Not quite a masterpiece, Little Games is still a vigorous and powerfully sonic-sounding work by the Yardbirds (and friends) who overcome weak material (the songs, several commissioned from pop music writers by Most, sound better than they "read") and is worth a listen!
*(I'm very grateful for Greg Russo's 1997 book Yardbirds: The Ultimate Rave-Up for supplying background information on the making of this album.)
Quartetti Italiani, by Quartetto di Venezia
This 10 disc boxed set is a survey of string quartet music from Italy. The works of seven composers are represented, the earliest of whom is Boccherini (b. 1743) and the most recent, Gian Francesco Malipiero (b.1882). It is on the works of the latter that I would like to focus. My appetite for Malipiero was whetted when I encountered his 1st Symphony via the Naxos Music Library streaming audio service (Click here). This invaluable resource is made available for free to Greenwich Library cardholders. Having very much enjoyed my initial exposure to the composer's work, I borrowed Quartetti Italiani from the Library's collection. Malipiero's entire output for this configuration of players, comprising eight quartets in all, is present on discs 9 and 10 of this set. A harmonically adventurous spirit is evident on all these works, which, in conjunction with rhythmic vitality, creates a distinctive sense of forward narrative motion. Formal development is not emphasized, which may disappoint devotees of the Classical verities, yet these works cohere well, exhibiting a Faure-like logic as they unfold. I must admit, the Quartetto di Venezia does not exhibit the last degree of refinement and polish in their performances, but their playing projects enough excitement and commitment to put these pieces across and prompted repeated listenings on my part to all eight quartets; although I still haven't warmed up too much to #8. Predominantly tonal, these works, while frequently challenging, will reward those at ease with 20th Century idioms and iconoclastic compositional voices.
Beatles albums (remastered), by The Beatles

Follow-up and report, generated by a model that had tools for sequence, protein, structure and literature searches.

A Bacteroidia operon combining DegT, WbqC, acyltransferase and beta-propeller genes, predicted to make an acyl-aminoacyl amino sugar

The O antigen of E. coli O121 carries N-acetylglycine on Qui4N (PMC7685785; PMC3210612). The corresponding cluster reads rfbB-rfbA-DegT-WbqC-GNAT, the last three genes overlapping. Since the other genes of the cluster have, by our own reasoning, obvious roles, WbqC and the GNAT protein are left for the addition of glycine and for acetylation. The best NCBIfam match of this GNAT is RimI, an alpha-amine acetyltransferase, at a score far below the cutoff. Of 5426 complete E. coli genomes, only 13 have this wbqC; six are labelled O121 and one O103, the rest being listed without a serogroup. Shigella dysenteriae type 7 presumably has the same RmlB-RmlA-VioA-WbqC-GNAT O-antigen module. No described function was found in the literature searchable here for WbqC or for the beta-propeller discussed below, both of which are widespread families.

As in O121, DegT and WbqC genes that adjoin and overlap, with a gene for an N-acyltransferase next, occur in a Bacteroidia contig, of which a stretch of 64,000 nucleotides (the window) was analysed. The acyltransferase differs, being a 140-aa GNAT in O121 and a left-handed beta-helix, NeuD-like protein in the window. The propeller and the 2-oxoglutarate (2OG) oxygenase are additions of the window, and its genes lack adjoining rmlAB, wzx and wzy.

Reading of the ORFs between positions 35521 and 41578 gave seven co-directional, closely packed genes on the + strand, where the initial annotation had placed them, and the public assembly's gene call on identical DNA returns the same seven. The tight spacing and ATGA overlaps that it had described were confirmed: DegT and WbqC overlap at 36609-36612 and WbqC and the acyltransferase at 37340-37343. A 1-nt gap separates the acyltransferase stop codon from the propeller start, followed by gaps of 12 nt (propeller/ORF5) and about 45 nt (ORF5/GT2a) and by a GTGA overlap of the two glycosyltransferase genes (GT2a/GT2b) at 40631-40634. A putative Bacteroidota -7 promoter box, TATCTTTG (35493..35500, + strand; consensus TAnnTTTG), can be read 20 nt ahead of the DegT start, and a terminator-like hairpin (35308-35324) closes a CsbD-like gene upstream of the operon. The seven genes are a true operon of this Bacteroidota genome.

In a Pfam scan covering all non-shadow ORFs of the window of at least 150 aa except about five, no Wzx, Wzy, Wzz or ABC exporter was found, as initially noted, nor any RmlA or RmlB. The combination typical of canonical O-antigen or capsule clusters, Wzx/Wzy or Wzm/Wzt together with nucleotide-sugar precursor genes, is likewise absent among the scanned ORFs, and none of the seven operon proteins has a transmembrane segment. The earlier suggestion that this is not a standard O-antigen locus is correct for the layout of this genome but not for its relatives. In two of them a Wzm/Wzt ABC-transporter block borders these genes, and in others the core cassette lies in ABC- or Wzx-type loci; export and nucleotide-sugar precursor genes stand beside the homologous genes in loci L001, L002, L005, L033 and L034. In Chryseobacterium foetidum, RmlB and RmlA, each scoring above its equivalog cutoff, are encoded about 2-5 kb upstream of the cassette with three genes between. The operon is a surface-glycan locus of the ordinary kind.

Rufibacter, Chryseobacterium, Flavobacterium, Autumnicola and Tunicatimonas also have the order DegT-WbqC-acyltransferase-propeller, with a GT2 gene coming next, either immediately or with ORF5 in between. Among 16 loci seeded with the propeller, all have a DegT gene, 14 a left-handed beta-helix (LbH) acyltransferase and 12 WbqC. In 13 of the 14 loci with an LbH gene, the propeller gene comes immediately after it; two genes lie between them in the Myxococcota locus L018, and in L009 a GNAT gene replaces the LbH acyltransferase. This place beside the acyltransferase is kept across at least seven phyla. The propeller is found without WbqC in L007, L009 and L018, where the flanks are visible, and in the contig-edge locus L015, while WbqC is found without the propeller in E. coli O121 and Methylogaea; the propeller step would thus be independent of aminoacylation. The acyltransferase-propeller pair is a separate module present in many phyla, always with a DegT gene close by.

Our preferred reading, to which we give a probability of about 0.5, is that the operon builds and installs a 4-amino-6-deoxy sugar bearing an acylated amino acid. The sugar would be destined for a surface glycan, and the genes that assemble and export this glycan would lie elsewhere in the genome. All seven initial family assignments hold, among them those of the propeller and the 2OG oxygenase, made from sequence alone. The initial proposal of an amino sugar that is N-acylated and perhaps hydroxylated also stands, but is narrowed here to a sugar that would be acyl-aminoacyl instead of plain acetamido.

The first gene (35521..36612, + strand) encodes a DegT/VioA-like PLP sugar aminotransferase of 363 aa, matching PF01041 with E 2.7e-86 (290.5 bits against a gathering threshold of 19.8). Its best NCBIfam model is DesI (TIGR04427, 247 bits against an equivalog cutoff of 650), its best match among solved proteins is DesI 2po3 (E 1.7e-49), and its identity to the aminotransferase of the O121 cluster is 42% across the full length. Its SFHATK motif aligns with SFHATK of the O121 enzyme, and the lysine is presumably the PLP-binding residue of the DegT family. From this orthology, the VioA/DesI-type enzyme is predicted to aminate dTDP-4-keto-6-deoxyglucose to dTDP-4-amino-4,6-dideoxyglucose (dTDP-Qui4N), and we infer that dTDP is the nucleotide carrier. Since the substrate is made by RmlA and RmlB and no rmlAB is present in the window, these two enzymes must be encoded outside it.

Who isn't a Beatles fan? Even the outspokenly anti-rock 'n roll Frank Sinatra recorded a couple of their songs (Something and Yesterday). Now, the Fab Four were a major part of the soundtrack to my adolescence and over the years, I have subjected all of their albums (excluding Let it Be, which I never cared for*) to aural exegesis. I have spent hours trying to decipher who is playing which guitar part** or even distinguish between guitar parts on a track; a task made more difficult by the original mixes which were great at conveying excitement, but not so great when it came to sonic subtleties. Not surprisingly, this was particularly true of the earlier albums. Consequently, I was pretty excited when I learned the entire Beatles catalog had been remastered and was due to be released. The advance reviews I read whetted my appetite further, with accounts of astonishing detail, clarity and presence. I have now listened to the entire batch (excluding Let it Be) and can affirm the raves. If you think you know this music well, you will be startled by what you have been missing. To my ears the major beneficiary of the new mixes is Sir Paul, whose bass playing throughout is even more of a wonder than heretofore. His 16th note repetitive pattern on The Word (Rubber Soul) for instance, had me laughing out loud at its sheer funkiness. Ringo's playing on the other hand, while still amazingly propulsive on the earlier cuts like Can't Buy Me Love (Hard Day's Night), seems to have been demoted in the new versions from idiosyncratic to sloppy in places. I doubt this will detract from your enjoyment, however. Of course, the truly important artifacts, the songs themselves, remain icons of popular music in the 20th Century. Revisiting this body of work, pretty much in its entirety, brought home to me, yet again, the caliber of songwriting inspiration and craft that set a standard of consistency unmatched since.